NOTE: While Pastor Charlie is on a trip out of the country through June 5, he has chosen some of his favorite blog posts from his weblog from 2020 to 2021 to share.
From: December 11, 2020
Jesus said, “Peace I leave with you; my peace I give to you. I do not give to you as the world gives. Do not let your hearts be troubled, and do not let them be afraid. 28 You heard me say to you, ‘I am going away, and I am coming to you.’ If you loved me, you would rejoice that I am going to the Father, because the Father is greater than I. 29 And now I have told you this before it occurs, so that when it does occur, you may believe. 30 I will no longer talk much with you, for the ruler of this world is coming. He has no power over me; 31 but I do as the Father has commanded me, so that the world may know that I love the Father.
One of the final words Jesus offers to the disciples before he is crucified is the same word that he offers them when he appears to them, risen from the dead on Easter Sunday – peace.
Peace – not just an absence from conflict, but a completeness, wholeness and presence that only God can give. That is what God offers to us in the babe born in Bethlehem – the Prince of Peace.
Another one of my favorite Christmas songs is “I heard the Bells on Christmas Day.” The words were written by Henry Wadsworth Longfellow. In 1861, a couple years before he wrote this, his wife was killed in a tragic fire. The Civil War had broken out that same year, and it seemed to him that this was an additional punishment. During the war his son was severely wounded, and in 1863, the year he wrote this poem, some 40,000 soldiers were killed at the Battle of Gettysburg. He wrote the poem “Christmas Bells” while America was still in the midst of this bloody war - Christmas Eve, 1863. (Robert Joseph, The Christmas Book, William L. Simon, ed., Reader’s Digest Merry Christmas Songbook (1981))
And in despair I bowed my head; "There is no peace on earth," I said: "For hate is strong, And mocks the song Of peace on earth, good-will to men!"
Longfellow’s problems and the problems of the world around him are summed up in these words. Where is God? How could God turn His back on us? God is absent, and peace is nothing more than a distant dream. That is the problem.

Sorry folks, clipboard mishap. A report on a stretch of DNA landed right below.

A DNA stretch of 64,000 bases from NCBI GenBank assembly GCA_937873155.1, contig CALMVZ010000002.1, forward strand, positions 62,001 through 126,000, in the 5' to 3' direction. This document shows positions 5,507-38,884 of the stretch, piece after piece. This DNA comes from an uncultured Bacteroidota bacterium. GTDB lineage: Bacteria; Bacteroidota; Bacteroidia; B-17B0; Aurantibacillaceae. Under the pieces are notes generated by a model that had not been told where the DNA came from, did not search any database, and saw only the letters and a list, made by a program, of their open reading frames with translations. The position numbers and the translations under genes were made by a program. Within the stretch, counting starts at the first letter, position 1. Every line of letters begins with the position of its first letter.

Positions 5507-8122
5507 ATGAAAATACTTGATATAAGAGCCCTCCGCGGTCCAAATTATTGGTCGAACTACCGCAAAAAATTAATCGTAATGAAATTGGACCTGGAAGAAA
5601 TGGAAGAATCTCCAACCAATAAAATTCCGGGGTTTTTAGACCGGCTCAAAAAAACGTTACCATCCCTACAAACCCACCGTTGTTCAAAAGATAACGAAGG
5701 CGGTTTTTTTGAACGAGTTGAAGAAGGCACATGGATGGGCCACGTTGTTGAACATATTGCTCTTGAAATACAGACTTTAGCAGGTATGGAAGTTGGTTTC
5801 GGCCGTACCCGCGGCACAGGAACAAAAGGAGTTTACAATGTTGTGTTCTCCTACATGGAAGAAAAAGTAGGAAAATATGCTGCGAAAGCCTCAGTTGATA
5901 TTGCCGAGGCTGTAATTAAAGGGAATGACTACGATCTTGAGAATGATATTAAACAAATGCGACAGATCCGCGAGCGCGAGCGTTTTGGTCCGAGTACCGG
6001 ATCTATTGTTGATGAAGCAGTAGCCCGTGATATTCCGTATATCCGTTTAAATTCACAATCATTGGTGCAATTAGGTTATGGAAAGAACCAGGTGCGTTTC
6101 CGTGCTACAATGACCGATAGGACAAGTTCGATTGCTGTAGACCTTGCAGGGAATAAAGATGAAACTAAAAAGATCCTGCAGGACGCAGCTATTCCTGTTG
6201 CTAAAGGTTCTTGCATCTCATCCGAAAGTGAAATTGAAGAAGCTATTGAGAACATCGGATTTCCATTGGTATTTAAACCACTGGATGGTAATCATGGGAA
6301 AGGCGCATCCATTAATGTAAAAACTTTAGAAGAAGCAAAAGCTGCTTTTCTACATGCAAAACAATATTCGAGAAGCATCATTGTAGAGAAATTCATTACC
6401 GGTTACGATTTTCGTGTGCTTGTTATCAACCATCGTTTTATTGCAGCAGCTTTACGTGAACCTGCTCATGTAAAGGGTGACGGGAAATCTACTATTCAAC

But the poem does not end there. Longfellow, in the midst of personal brokenness and national discord finds hope in the promise of Christmas.
Then pealed the bells more loud and deep: "God is not dead; nor doth he sleep! The Wrong shall fail, The Right prevail, With peace on earth, good-will to men!"
God never gives up – never has, and never will. God sends His only Son to show us the way to live as children of God. God sends His only Son to give us the gift of life. So receive the gift. Like a present under the tree – there is one there with your name on it – given to you by God. It is love. It is forgiveness. It is life. And it wrapped in swaddling clothes and lying in a manger. You have the choice. Leave it there, still wrapped, untouched. Or open it up, and receive God’s solution!
God gives the gift – not because we deserve it – not because we are on the NICE list. Not because we have come up with the solution. No - the Solution is Jesus the Christ.
This is the gift – this is the solution – God’s only Son. Emmanuel - God With Us!
A couple renditions for you today –
The traditional take by Burl Ives - https://youtu.be/2nk77EOgapg
And a more modern version by Casting Crowns - https://youtu.be/F756Mjxxrvc
Let us Pray. In the midst of turmoil, uncertainty and fear, may we turn to you and cling to the promises you give us through your Son, the Prince of Peace. We pray this in Jesus’ name. Amen.